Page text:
If you’re a Californian you’ve probably had the experience of touching down elsewhere in this vast wonderland—somewhere in the Midwest, say, where tornados regularly tear things up, or on the Eastern Seaboard, famous for hurricanes—and the first thing people want to know is, how you live with all those earthquakes. How do you stand it? How do you live with the fear? If you’re like me, you don’t know what to say. Because you’re not that afraid. You haven’t personally experienced a major earthquake.
But it makes sense to be afraid. California is out there at the edge of the continent, part of the mythic Ring of Fire around the Pacific Ocean. Which is actually more like a horseshoe, an arch spanning continents, marked by volcanoes and earthquake faults where tectonic plates collide—reaching from Peru and Chile north to Alaska and then around and south to China and Japan.
In an average year there are more than 8,000 earthquakes of magnitude 1.5 or more in and near California. We don’t feel most of those, though. And there are hundreds of known faults—some 200 of those are potentially hazardous, based on their behavior in recent geological time, say, the last 10,000 years. According to the California Geological Survey more than 70 percent of us live within 30 miles of a fault where there could be a whole of shaking goin’ on within the next 50 years. Keep your go-bags ready, people.
Scientists tell us that the odds are good that California will experience a massive, catastrophic earthquake—up to magnitude 8.2—in the next 50 years, particularly near the San Andreas Fault, which runs 700 miles, roughly from the Salton Sea through L.A. and on to San Francisco and straight up the North Coast. The impact would be far, far greater than any California earthquake in historic memory—including the 1906 San Francisco Earthquake and Fire, which caused an estimated 3,000 deaths and countless injuries.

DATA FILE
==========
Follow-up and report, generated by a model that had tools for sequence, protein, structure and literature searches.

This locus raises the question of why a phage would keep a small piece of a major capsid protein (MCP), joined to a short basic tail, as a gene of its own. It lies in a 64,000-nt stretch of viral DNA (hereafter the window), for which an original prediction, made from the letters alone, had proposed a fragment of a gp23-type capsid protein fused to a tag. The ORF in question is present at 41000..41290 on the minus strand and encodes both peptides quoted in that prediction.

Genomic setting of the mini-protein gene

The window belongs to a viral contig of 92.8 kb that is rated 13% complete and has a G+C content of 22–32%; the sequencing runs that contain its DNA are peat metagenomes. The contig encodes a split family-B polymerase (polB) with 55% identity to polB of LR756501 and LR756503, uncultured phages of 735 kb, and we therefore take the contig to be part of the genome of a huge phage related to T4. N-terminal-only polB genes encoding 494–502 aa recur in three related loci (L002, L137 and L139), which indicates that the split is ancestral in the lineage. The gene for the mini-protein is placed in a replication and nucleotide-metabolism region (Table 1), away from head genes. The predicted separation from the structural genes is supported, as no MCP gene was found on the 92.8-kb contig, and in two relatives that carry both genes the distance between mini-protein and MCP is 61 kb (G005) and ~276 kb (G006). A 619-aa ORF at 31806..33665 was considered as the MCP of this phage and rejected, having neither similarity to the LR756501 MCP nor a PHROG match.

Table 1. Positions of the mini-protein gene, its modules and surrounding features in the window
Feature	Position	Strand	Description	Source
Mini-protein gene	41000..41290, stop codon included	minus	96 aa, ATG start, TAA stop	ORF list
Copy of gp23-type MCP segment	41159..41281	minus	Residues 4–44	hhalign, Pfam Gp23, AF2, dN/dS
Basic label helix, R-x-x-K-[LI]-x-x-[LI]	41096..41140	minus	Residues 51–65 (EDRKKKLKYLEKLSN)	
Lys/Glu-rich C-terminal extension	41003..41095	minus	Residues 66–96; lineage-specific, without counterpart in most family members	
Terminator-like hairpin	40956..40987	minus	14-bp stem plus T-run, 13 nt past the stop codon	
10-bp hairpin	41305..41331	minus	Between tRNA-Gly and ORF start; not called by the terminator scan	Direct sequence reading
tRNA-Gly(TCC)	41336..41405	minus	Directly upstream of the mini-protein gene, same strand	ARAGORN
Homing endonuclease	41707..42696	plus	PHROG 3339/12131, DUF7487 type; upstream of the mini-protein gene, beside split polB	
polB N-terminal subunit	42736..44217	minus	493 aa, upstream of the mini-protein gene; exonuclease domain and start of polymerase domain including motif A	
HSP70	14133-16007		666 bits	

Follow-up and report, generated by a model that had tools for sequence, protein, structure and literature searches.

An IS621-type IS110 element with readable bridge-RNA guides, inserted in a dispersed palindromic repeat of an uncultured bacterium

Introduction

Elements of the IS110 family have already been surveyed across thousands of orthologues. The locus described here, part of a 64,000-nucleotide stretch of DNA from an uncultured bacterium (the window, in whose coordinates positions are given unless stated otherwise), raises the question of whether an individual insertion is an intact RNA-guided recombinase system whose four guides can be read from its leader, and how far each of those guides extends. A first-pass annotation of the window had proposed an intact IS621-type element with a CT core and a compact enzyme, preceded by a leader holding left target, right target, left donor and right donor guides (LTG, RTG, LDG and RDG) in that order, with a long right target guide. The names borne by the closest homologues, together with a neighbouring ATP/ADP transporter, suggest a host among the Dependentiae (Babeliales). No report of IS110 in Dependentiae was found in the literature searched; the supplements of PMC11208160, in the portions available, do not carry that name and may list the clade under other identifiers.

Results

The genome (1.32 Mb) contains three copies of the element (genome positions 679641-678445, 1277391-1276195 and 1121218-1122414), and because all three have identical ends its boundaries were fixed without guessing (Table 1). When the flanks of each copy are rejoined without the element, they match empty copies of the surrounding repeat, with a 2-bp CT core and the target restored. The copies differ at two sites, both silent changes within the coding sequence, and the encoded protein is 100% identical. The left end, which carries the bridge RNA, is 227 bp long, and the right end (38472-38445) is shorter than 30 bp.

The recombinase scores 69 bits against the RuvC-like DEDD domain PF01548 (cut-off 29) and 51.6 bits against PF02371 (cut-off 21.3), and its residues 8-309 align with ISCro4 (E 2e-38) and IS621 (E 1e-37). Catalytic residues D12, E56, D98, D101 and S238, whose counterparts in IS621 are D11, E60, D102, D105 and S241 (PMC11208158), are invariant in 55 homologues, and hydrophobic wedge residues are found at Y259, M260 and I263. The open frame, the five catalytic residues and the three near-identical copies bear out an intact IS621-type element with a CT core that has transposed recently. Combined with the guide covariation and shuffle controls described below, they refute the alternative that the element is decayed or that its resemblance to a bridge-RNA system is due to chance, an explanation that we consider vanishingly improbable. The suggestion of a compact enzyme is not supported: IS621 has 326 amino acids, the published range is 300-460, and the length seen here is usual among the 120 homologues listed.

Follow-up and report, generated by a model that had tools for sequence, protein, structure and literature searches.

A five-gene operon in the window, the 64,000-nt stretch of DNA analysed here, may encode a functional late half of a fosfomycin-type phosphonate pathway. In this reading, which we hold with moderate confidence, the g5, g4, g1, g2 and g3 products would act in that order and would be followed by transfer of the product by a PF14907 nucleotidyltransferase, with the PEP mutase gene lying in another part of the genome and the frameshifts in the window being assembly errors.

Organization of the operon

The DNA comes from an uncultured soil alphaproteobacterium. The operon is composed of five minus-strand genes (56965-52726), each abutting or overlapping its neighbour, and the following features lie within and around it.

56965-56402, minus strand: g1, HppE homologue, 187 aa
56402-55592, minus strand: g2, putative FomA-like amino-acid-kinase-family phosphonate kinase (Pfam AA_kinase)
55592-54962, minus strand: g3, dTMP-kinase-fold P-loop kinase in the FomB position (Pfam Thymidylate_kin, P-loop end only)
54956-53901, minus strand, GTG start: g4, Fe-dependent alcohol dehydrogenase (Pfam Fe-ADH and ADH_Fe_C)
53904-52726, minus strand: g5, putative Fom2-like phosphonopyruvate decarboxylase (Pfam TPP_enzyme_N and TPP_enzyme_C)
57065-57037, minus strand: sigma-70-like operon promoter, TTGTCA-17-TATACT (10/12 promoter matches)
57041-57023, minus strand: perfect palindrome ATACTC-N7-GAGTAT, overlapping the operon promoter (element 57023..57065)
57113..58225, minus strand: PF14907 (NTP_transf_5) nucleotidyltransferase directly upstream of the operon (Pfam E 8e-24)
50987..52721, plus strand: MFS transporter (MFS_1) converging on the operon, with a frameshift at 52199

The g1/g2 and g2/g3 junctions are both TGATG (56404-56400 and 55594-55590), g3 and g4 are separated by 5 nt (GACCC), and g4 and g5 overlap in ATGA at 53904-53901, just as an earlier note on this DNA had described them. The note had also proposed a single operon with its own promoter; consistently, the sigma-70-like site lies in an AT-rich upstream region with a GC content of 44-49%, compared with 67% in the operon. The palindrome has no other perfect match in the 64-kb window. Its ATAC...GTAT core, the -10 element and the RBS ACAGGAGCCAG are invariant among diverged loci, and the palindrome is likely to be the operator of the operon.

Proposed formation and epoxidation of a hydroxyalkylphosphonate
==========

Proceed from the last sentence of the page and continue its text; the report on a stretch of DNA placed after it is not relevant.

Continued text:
How to fold those facts, and your own fear, into a DIY tour?
Start with the famous San Andreas Fault. Maps are easy to come by online, along with place-by-place lists and descriptions of damage done and buildings rebuilt or replaced. Best yet, given the fault’s length and sweep, visit open spaces where you can see and even touch it.
Channel Islands National Park shows the sheer power of tectonic-plate collision. Since they formed millions of years ago they have rotated clockwise about 100 degrees, and continue to rise and rotate. At Carrizo Plain National Monument, one of the world’s most significant geological sites, follow the Wallace Creek interpretive trail to see the tectonic plate boundary. The 1857 Fort Tejon Quake displaced the entire creek channel by some 30 feet, and the movement continues, about 1.3 inches a year. Touch the fault at what’s known as The Rosetta Stone of Paleoseismiology in Antelope Valley, the research trench at Pallett Creek. Even easier to see still is the CalTrans roadcut through the San Andreas Fault, on Highway 14 just north of Palmdale’s Avenue S.
Earthquakes don’t respect human time and remind us that we are powerless, so confront your fear collectively, on a group tour—such as the SF City Guides 1906 Earthquake walking tour, offered year-round, and the “Phoenix Rising” rebuilding tour, offered only in May and October. Walking tours are free but donations help keep these volunteer city guides going.
Until next time this is Kim Weir for Up the Road and North State Public Radio. For photos and links go to my-N-S-P-R-dot-org.